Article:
Thermopylae is where 300 Spartans and their Greek allies took their stand against the vastly larger invading force of the Persian emperor Xerxes, a defense that would echo through history (and be depicted in the 2007 film 300) as an example of zest for combat in a righteous cause.
Both in Thermopylae and Sparta itself (they are a few hours apart by car; the Spartans were fighting far from home) there are statues of Leonidas, the Spartan king who led the defenders, inscribed with his famous words: ΜΟΛΩΝ ΛΑΒΕ, roughly translating to “Come and get them,” a riposte to Xerxes’ demand that the Spartans surrender their weapons.
We took a family visit to Greece in July, emphasizing ancient sites. These included the ruins at Sparta and the battlefield at Thermopylae. Neither has the cachet of more well-visited places such as Delphi and Olympia, but still they give a sense of the ancient warlike city-state. Jagged mountains outside Sparta look like ideal training grounds for diehard warriors.
At Thermopylae, the narrow passage between rocks and sea, where the Spartans held off the invaders for three days, is broader now (the waters have receded and once came to where a highway now is). But you can imagine the ferocious battle that raged where you now stand.
In the movie, Leonidas exuberantly shouts to his soldiers that “Tonight, we dine in hell!” and they cheer with equal enthusiasm. When I got home from the trip, I found a package at my front door in New Jersey, and as I read through its contents I felt a twinge of recognition. Here was a spirit I’d encountered in these ancient sites, a spirit of not just taking a stand, of not just fighting against sheer numbers and living up to one’s principles—but of actually enjoying it.
The package was an advance copy of Rick Wilson’s new book Everything Trump Touches Dies.
Wilson is a Republican consultant whose opposition to Trump has been untrammeled since the moment the candidate descended his golden escalator and remains so now amid a corrupt and degraded presidency that looks oddly familiar to anyone who watched 300’s depiction of Xerxes as a preening maniac whose top priority is that people should kneel before him.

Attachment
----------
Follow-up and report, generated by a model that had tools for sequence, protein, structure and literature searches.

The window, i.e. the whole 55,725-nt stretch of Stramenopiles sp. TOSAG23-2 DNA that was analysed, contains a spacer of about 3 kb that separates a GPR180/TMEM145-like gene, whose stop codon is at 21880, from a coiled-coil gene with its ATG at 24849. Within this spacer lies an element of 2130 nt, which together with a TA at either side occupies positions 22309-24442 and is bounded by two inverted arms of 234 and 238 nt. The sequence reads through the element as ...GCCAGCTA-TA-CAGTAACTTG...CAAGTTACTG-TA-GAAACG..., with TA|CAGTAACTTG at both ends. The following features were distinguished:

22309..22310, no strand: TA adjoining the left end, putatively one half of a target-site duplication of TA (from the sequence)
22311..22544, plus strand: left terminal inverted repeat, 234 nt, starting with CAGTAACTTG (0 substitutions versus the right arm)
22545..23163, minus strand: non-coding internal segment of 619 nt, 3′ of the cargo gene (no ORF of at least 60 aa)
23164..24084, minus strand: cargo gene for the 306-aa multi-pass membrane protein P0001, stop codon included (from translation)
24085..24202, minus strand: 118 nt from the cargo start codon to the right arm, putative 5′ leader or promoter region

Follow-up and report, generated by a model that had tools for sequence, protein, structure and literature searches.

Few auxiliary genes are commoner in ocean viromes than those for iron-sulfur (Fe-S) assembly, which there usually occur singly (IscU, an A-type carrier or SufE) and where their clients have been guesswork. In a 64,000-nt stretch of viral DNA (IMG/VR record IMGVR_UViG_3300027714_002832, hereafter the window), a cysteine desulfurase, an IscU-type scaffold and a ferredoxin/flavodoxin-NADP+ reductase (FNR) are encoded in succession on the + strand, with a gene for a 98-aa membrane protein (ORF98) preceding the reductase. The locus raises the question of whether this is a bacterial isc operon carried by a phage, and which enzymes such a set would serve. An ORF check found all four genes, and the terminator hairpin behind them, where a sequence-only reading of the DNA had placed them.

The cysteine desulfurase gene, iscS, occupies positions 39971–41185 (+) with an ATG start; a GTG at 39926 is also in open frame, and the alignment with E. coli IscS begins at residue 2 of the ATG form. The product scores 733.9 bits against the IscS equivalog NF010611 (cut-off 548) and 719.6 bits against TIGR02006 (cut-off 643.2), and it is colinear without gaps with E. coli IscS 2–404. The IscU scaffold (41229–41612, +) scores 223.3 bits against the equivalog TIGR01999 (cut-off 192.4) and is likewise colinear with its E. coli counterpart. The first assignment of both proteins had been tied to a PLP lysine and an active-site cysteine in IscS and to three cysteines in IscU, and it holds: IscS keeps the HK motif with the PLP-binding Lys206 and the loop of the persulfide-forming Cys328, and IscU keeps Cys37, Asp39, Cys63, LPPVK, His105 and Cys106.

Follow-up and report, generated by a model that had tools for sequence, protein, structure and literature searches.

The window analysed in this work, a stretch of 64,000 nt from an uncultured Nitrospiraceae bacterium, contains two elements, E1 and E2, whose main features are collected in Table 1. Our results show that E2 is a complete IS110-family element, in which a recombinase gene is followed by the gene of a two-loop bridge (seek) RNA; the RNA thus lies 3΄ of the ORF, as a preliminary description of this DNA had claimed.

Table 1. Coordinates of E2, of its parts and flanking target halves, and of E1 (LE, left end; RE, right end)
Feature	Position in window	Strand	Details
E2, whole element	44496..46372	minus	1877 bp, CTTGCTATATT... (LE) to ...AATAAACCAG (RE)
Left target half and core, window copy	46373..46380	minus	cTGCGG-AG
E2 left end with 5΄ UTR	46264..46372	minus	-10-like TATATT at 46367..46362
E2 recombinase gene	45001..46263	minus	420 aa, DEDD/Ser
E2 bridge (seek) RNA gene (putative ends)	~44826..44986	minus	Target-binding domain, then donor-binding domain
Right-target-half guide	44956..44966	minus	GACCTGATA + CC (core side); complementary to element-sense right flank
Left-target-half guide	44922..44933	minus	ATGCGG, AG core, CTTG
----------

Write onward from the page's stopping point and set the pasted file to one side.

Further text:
“Never Trumpers,” of which Wilson is emphatically one, are Republicans (the term sometimes also encompasses ex-Republicans such as myself) who oppose this president and whose opposition is rooted in what until recently were considered Republican and conservative values: limited government, free markets, fiscal probity, genuine nationalism (as opposed to a type that supplicates to a hostile foreign power), optimism and a basic sense of decency.
Within today’s GOP, the Never Trumpers may be as outnumbered as the defenders at Thermopylae. A recent poll found Republicans giving Trump an 88 percent approval rating, the highest of his presidency albeit a number plausibly inflated by defections from the party. Wilson and other high-profile Republican dissenters, such as David Frum and Tom Nichols, are bombarded on Twitter by critics saying no one cares what they think, a self-refuting assertion.
Small numbers don’t mean that you’re wrong or even that you’ll lose, in the scheme of things. The Spartans fell at Thermopylae only after a fellow Greek, Ephialtes (depicted as a hunchback in 300), showed the Persians a path around the Greek line. Moreover, the defenders’ stand inspired other Greeks to fight and, before long, to eject the invaders. Things change, and the standard pro-Trump operative or pundit of today’s GOP may look as bad as Ephialtes as the waters of Trumpism recede and the rocks of a decent conservatism remain.
—Kenneth Silber is author of In DeWitt’s Footsteps: Seeing History on the Erie Canal and is on Twitter at: @kennethsilber.